Not everyone is despairing. Remember that the massive stimuli you’ve been reading about are only in the early stages of phasing in. Maybe they’ll have an effect?
From Hook Analytics current weekly compendium (an under-the-radar independent macro-economic research product for institutional clients): “Based on the history of large money supply increases, we estimate that the Fed’s forecast of second-half 2009 recovery is more likely than continued recession into 2010; that the next few years will probably have sub-normal growth, low inflation, and low interest rates. We think the circumstances more resemble 1933 than 1931; 1982 more than 1980. That is, we think we are mostly through a recession and market crash and that the next large move will be 40-60% higher stock prices.”
I would hardly bet the farm on this scenario – and actually, neither would John Hook. But he sees central bankers flooding the world with money and credit – which, he says, is not what Hoover did in 1931 – so, from a monetary perspective, that could make this 1933.
From a fiscal perspective, meanwhile, picture a bus that was going pretty fast in one direction . . . overshoots the turn-off . . . slams on the brakes and backs up (what we seem to be doing now) . . . . and then starts off in a better direction, gradually gaining speed.
It’s a more dramatic and disruptive maneuver than a traditional recession. A lot of passengers get thrown from their seats when the brakes slam on.
In a traditional “business cycle” recession, inventories grow swollen, causing a dip in orders and prices and profits and employment – until, a year or so later, the excess capacity had been worked off and demand once again set factories to humming, and rehiring.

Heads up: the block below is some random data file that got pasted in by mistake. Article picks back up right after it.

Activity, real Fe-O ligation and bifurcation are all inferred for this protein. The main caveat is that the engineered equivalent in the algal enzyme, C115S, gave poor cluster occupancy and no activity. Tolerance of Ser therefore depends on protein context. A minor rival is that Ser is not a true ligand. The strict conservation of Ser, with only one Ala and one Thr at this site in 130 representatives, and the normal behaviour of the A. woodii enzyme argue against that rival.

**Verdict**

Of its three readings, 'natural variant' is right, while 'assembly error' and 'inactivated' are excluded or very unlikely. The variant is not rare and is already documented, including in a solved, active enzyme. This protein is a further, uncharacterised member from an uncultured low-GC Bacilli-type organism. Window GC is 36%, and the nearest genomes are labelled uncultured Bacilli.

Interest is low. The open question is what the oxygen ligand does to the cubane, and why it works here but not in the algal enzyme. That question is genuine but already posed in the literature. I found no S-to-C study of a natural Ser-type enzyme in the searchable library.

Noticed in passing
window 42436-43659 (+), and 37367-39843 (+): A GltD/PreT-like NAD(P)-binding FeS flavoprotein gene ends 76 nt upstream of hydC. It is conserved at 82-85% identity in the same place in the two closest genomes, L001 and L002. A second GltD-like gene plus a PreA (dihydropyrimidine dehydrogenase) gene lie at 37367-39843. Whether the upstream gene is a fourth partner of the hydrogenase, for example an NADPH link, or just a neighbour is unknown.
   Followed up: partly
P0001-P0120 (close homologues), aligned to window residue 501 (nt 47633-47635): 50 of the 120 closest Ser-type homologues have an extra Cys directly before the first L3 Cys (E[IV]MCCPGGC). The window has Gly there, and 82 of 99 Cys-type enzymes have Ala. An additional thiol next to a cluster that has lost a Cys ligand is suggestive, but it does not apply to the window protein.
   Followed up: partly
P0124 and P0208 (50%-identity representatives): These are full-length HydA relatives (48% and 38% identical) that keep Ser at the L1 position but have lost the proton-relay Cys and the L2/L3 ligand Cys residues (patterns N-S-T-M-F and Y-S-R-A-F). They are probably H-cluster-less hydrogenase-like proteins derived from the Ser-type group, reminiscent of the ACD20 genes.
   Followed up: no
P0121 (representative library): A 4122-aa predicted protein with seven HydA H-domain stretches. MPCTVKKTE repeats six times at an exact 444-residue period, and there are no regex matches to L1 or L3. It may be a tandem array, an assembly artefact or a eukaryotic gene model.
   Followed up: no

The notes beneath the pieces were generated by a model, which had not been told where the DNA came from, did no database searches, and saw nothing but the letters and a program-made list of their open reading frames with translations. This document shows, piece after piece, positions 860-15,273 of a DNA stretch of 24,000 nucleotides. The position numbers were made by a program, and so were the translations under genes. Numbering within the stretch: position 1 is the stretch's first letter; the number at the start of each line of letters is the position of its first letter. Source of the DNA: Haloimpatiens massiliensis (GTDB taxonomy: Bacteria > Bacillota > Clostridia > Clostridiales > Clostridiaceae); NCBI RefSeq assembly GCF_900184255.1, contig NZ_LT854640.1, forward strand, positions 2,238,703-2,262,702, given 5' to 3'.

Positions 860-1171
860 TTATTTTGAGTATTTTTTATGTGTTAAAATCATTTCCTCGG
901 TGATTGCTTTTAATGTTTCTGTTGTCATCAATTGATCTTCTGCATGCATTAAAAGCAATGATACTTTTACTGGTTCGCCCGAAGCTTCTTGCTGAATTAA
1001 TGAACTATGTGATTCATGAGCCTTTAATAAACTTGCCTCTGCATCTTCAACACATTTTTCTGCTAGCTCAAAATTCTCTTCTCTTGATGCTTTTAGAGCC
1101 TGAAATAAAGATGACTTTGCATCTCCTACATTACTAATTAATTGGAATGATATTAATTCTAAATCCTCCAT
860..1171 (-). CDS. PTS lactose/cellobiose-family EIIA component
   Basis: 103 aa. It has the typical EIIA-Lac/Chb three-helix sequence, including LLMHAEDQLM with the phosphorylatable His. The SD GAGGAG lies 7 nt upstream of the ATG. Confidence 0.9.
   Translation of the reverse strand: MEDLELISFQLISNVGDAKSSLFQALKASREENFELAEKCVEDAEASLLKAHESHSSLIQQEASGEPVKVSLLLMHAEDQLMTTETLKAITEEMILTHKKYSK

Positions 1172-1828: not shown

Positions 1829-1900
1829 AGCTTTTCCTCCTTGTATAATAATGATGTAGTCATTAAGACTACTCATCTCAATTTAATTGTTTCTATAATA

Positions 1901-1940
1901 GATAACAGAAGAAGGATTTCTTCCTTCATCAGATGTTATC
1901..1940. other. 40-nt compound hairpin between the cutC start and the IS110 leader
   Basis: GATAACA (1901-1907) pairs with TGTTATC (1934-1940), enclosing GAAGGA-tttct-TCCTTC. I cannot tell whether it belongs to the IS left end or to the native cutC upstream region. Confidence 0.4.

This is different. This is transformational. We’re going on a major diet and economic fitness program that will be painful at first but leave us healthier going forward.
(Some of it, let’s hope, will be a literal diet: the obesity epidemic, especially childhood obesity, is real and ominous.)
I’m a few days late posting this quick clip, but it does make you wonder: what is it about us personal finance writers?
Alan Waldock: “I’m sure you know (by now, at any rate) that the Thatcher ‘anecdote’ relayed by Peggy Noonan is in fact a joke from a satirical TV puppet show.”
LEDs and CFLs — Hmmmm
Reader George Mokray passed yesterday’s item on to his friend Fred Davis, who’s been in the business of energy efficiency and lighting for decades. He writes that the page I linked to is, like most in this field, “at best misleading.”
First off, “it compares a spot/reflector LED ‘bulb’ to a CFL spiral. You would not want to use those two products for the same use. Also, lumens (light output) is not mentioned for either” – yet it is lumens that allow a fair comparison. “And, unfortunately,” he says, “ratings for LED bulbs are highly suspect anyway. The only responsible program for testing LEDs is the Caliper program by the Department of Energy. It has found, over seven rounds in three years (as recently as January 2009) that stated specifications (such as lumens or watts) for LEDs are almost never accurate.”
As for the long life of LEDs – well, yes, he says, perhaps. But we actually haven’t had enough experience with “high wattage” LEDs to make very good projections.
And energy savings? “NOT a responsible statement, because it makes no reference to light output. By definition, a one watt anything consumes less energy than a two watt anything. A comparison would be apples-to-apples if it were for two products which both met the same lighting needs, or, more specifically, if they produced similar lumens (and the same CRI, color temperature, photometrics, etc.). Generally, CFLs are much much much brighter than LEDs. And, if you were to aggregate LEDs for an apples-to-apples comparison, CFLs are almost always more efficient (lumens per watt). In situations where you really want very low output, then, LEDs might be advantageous.”
I was even wrong about LEDs throwing off less heat, he says. “Heat generation will be less only if wattage is less.”
The one place he gave me a passing grade was on my question: (Does anyone know how much energy and environmental destruction goes into making an expensive LED bulb versus a CFL?) “Decent question: I haven’t yet seen the thorough analysis, but certainly there are issues, lead, cadmium, etc., long shipping, etc.”
Quote of the Day
October. This is one of the singularly most dangerous months to speculate in stocks. Others are November, December, January, February, March, April, May, June, July, August and September.~Mark Twain
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